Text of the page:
Madaba and Mt. Nebo

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South of Jordan’s capital lies the home of the world’s largest collection of ancient mosaics. An archbishopric during the Byzantine era, Madaba contains historical mosaics most of which are at least 1,400 years old. Perhaps the most famous is the 6th century map of the Holy Land, the earliest original map to survive. Situated in the Greek Orthodox Church of St George it is a stunning 25 by 5 meters of beautiful colored stone. Archaeologists have used this map to discover a number of important Biblical sites, including Jerusalem’s Cardo and the site of Jesus’ baptism at Bethany across the Jordan. There is an impressive collection of restored Herodian and Byzantine mosaics on display in the Madaba Archaeological Park, the Madaba Museum, the Burnt Church and the Apostles’ Church…..and elsewhere around this living-museum city.

Modern Madaba is built on the ancient ruins, so people are continually discovering ‘new’ ancient mosaics under their houses, garages and gardens. In 1994 Queen Noor formally opened the Madaba School for Mosaic Art. Restoration of discovered mosaics is an important mission for the school’s students, who also extend the craft with modern designs and interpretations (see Handicraft Tour page). This school is now on the road to becoming a degree – granting piece of the Jordan University’s institutional mosaic.

Most visitors to Madaba make a quick stop to check out the map and then hit the road. We think you should stay a little longer. And not just for the mosaics, although that is certainly one argument for extending your stay here. Madaba is wonderfully diverse – about half Muslim and half Christian. This contributes to the laid-back, tolerant atmosphere you’ll notice in the town. In the late afternoon, after most tourists have departed, stroll through the center of town and you’ll find many opportunities to stop for a chat, a cup of tea or even an invitation home for dinner.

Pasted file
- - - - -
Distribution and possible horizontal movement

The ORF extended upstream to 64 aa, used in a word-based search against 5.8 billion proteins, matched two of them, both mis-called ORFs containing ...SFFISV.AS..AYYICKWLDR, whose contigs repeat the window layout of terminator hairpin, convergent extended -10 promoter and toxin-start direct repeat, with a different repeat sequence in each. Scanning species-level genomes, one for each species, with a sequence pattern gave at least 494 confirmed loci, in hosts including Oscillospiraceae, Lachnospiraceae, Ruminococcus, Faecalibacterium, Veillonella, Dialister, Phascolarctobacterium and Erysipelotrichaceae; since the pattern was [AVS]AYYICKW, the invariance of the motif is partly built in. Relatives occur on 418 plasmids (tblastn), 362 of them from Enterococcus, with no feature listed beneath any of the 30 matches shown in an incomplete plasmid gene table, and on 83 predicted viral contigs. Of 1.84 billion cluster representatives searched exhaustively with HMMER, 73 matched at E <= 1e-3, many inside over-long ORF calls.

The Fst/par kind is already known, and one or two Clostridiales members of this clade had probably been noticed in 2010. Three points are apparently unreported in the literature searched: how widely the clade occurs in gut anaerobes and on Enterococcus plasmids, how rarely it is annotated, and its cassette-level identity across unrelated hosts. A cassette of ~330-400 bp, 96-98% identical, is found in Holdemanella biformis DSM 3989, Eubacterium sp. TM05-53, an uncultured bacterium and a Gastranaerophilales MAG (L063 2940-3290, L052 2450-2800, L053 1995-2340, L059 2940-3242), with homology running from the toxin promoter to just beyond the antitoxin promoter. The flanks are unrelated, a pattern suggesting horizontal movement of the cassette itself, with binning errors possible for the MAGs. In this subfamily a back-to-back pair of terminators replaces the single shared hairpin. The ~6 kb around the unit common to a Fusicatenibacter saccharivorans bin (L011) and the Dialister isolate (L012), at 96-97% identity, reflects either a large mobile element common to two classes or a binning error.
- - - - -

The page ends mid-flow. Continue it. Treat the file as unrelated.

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Madaba is surrounded by fertile farmland and vineyards. Some of Jordan’s best table wines come from this area. Haret Jdoudna, the famous restaurant in the centre of town, has a shady courtyard where you can conduct your own wine tasting. The Haret Jdoudna courtyard (name means “gardens of our ancestors”) is surrounded by old Madaba houses (early 20th century) which were once home to prominent local citizens – a city mayor and physician among them. Today they house one of Jordan’s best traditional restaurants, small handicraft shops and a good pizzeria. At night you’ll find visitors and locals mingling to enjoy the food, live entertainment and a hubbly – bubbly pipe until the wee small hours.

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A short drive from Madaba takes you to Mt Nebo, where Moses was first shown the Promised Land. It is also said to be his death and burial place. The view encompasses the Dead Sea, the Jordan River Valley and the Judean hills. On a clear day, you can make out the spires and domes of Bethlehem and Jerusalem. At Mt Nebo the Franciscans have built a contemporary church over the ruins of various pilgrimage churches which stood in the past. Inside the church are restored mosaics from the previous succession of churches on this site. The modern church is surrounded by the excavated ruins of ancient monastic settlements on this spot.

Pope John Paul II planted an olive tree beside the Moses monument on his pilgrimage to Mt. Nebo during his Holy Land visit. A plaque commemorates this event. The Franciscan monks who purchased Mt. Nebo in the 1930’s still have a monastery on the spot, and the gates are closed to visitors an hour before sunset each day.

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